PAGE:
The Joshua Tree – With or Without You

I’ll start with two stories.

The first takes place around thirty years ago.  Three dudes are sitting in an early model pickup truck driving from a smaller town to a small town.  This particular early model truck has a bench seat, which is especially nice for girls sitting close, and also if you need to fit three boys and a payload of a half dozen boxes filled with party decorations.  On that day, the boy’s mission was delivering these party decorations to the country club party room for the upcoming high school prom.

It was good afternoon.  The boy’s spirits were high, having been excused from afternoon classes for the delivery, and were excited about assisting girls decorate an exotic event none of the boys had attended before, although none of them would have admitted to this excitement.

As normal, the radio was tuned to the popular rock station; and as normal, the volume was turned way up.  There are two reasons for this.  Most importantly, the boys loved music loud; and in order to hear loud music over wind blowing through open windows, the volume had to be turned up.

As the boys are driving, a familiar tune starts playing.  It starts slow, but the boys are ready.  By thirty seconds in and, Bono kicks in with the lyrics, all three boys are singing word for word, attempting their best Bono impersonation.  By the end, as Bono reaches the climax of the song, each of these boys, sitting on a bench seat in a pickup truck on a long Texas road, believes that if only someone would teach them to play guitar, they could one day be a rock star.

Fast forward about fifteen years.  A girl and boy are having lunch.  They have just recently met and, given they are going to work together, the boy wants to get to know the girl.  Feel her out.  In his mind, one of the best ways to understand someone is their musical preferences, so he asks the girl to name her top three bands.  She replies with a few good choices, but also casually mentions she listens to a lot of musicals.  The boy certainly filed that away, but that’s not the point of this story.  Understanding the point of this conversation, the girls follows up with the same question back to the boy.  The boy’s response is the usual, and of course U2 makes the list.  Literally half a second after the boy says it, the girl fires back – I hate Bono.

No need to go into why she hates Bono.  The reasons are well known. We all have felt them.

So recently I asked the girl if she still hates Bono.  Her response is that she has learned to tolerate him.  By the way, it’s taken the boy over a decade of five thousand music videos, countless arguments of front man hotness and one amazing concert to get her that far.

I believe these two stories illustrate the polarization of U2.  It’s easy to dislike a band that their front man said he wanted to be the biggest rock band in the world before even cutting a record – and achieved it.  Who wouldn’t hate a rock star that doesn’t take off his sunglasses even when meeting The Pope?

I get it.

However, I have the advantage of following this band early on.  From the first Night Tracks video of New Years Day, which I couldn’t understand, but knew somehow it was important.  To The Joshua Tree album, which, other than Syncronicity, by The Police, was an album I listened obsessively to, through some highly charged teen years.  Growing up in a remote town in the panhandle of Texas, I forged relationships with foreign and strange ideas through anything I could find.  Books, movies, music and lyrics.  All of these were integral to my upbringing and helped me maneuver the isolation and lack of knowledge that surrounded me.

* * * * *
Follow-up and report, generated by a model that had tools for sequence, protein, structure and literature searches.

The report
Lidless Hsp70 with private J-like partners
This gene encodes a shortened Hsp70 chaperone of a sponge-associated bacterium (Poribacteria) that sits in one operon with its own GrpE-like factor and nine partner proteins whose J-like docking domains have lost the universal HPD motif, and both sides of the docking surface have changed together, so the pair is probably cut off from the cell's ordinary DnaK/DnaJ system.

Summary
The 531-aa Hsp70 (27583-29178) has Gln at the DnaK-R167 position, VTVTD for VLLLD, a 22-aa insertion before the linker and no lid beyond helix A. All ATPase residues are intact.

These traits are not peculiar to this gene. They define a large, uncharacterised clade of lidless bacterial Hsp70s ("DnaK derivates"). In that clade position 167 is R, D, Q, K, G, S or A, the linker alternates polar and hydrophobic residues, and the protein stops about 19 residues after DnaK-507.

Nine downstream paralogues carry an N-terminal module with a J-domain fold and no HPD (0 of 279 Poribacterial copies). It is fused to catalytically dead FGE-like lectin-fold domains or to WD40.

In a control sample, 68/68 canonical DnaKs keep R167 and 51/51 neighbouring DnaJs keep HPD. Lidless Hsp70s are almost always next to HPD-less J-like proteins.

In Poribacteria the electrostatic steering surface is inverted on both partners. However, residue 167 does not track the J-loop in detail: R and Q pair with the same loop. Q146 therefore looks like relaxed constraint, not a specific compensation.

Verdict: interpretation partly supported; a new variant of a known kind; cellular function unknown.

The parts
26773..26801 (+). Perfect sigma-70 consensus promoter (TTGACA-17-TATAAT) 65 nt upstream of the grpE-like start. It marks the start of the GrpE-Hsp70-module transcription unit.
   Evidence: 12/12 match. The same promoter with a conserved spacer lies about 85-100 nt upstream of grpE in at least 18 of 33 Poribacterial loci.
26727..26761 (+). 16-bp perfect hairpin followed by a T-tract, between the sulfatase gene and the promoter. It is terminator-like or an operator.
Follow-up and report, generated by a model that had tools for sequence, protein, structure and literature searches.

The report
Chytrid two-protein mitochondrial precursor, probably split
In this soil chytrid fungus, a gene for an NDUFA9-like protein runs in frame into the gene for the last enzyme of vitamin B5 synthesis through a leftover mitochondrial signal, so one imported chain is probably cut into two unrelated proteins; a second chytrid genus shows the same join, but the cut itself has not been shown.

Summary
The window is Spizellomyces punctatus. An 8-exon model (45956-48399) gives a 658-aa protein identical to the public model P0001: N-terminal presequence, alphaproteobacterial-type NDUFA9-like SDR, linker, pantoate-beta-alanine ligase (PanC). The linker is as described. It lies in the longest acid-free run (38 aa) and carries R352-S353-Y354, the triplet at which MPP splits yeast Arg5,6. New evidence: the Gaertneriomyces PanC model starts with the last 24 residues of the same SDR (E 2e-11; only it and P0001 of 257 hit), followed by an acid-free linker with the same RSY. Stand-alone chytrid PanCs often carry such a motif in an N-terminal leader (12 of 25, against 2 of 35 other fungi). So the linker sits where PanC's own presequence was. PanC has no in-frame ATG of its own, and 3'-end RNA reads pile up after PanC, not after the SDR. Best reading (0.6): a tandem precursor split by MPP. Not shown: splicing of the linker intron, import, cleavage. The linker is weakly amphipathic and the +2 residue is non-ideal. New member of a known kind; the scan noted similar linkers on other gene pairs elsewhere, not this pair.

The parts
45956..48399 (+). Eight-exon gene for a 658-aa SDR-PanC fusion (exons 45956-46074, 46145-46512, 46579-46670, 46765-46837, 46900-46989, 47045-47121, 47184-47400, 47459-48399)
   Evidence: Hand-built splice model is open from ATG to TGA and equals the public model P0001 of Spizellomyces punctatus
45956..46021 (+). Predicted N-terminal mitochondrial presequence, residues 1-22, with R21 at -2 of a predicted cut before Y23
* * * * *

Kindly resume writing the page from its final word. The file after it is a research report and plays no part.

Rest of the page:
This band from far away Ireland had to something to say, and even in my naivety, I knew they were special.  Over the years, I have learned to overlook all the stuff that the girl is so right about.  It’s like a brother that has a lot of questionable qualities, but you overlook them, for you love him.

Without or Without You is my final post, and I have two pointless comments related to the lyrics of the song.

First, I love this:
You got me with

Nothing to win

And nothing left to lose

I’ve never said this to someone, but I’ve got it ready in the chamber when necessary.

Secondly, I’ve included two videos for the song.  The first is the official video, which is pretty good; however, it’s been forever tarnished by an argument between a girl and a boy about whether the girl in the video didn’t shave her armpits (the moment in question comes toward the end).  The second video is footage from Rattle & Hum and gives ample reasoning for the phrase “Bono Hot”.  If you are willing to watch to the end, you will be rewarded with these additional lyrics:

We’ll shine like stars in the summer night

We’ll shine like stars in the winter light

One heart, one hope, one love

With or Without You



We’ve come to the end.  11 songs, 11 posts.

All of us have that special album.  For me, it was The Joshua Tree, produced by four talented, ambitious musicians who, incredibly have stayed together and are still making music and playing sold out stadiums.

Seeing this album played live is going to be extremely valuable…

C. Smith

Author: C. Smith

    “All you have to do is write one true sentence.” Ernest Hemingway I’m no Hemingway. But this web creation is a part of writing that one true sentence. Of being inspired by fellow contributors that have, if not something meaningful, but interesting to say and are willing to invest energy beyond 140 characters. Of creating an open forum for these ideas, capturing a thought or a moment in time. But more importantly, this is about a personal commitment to putting a thought to paper and throwing it against the wall to see if it sticks. Enjoy.

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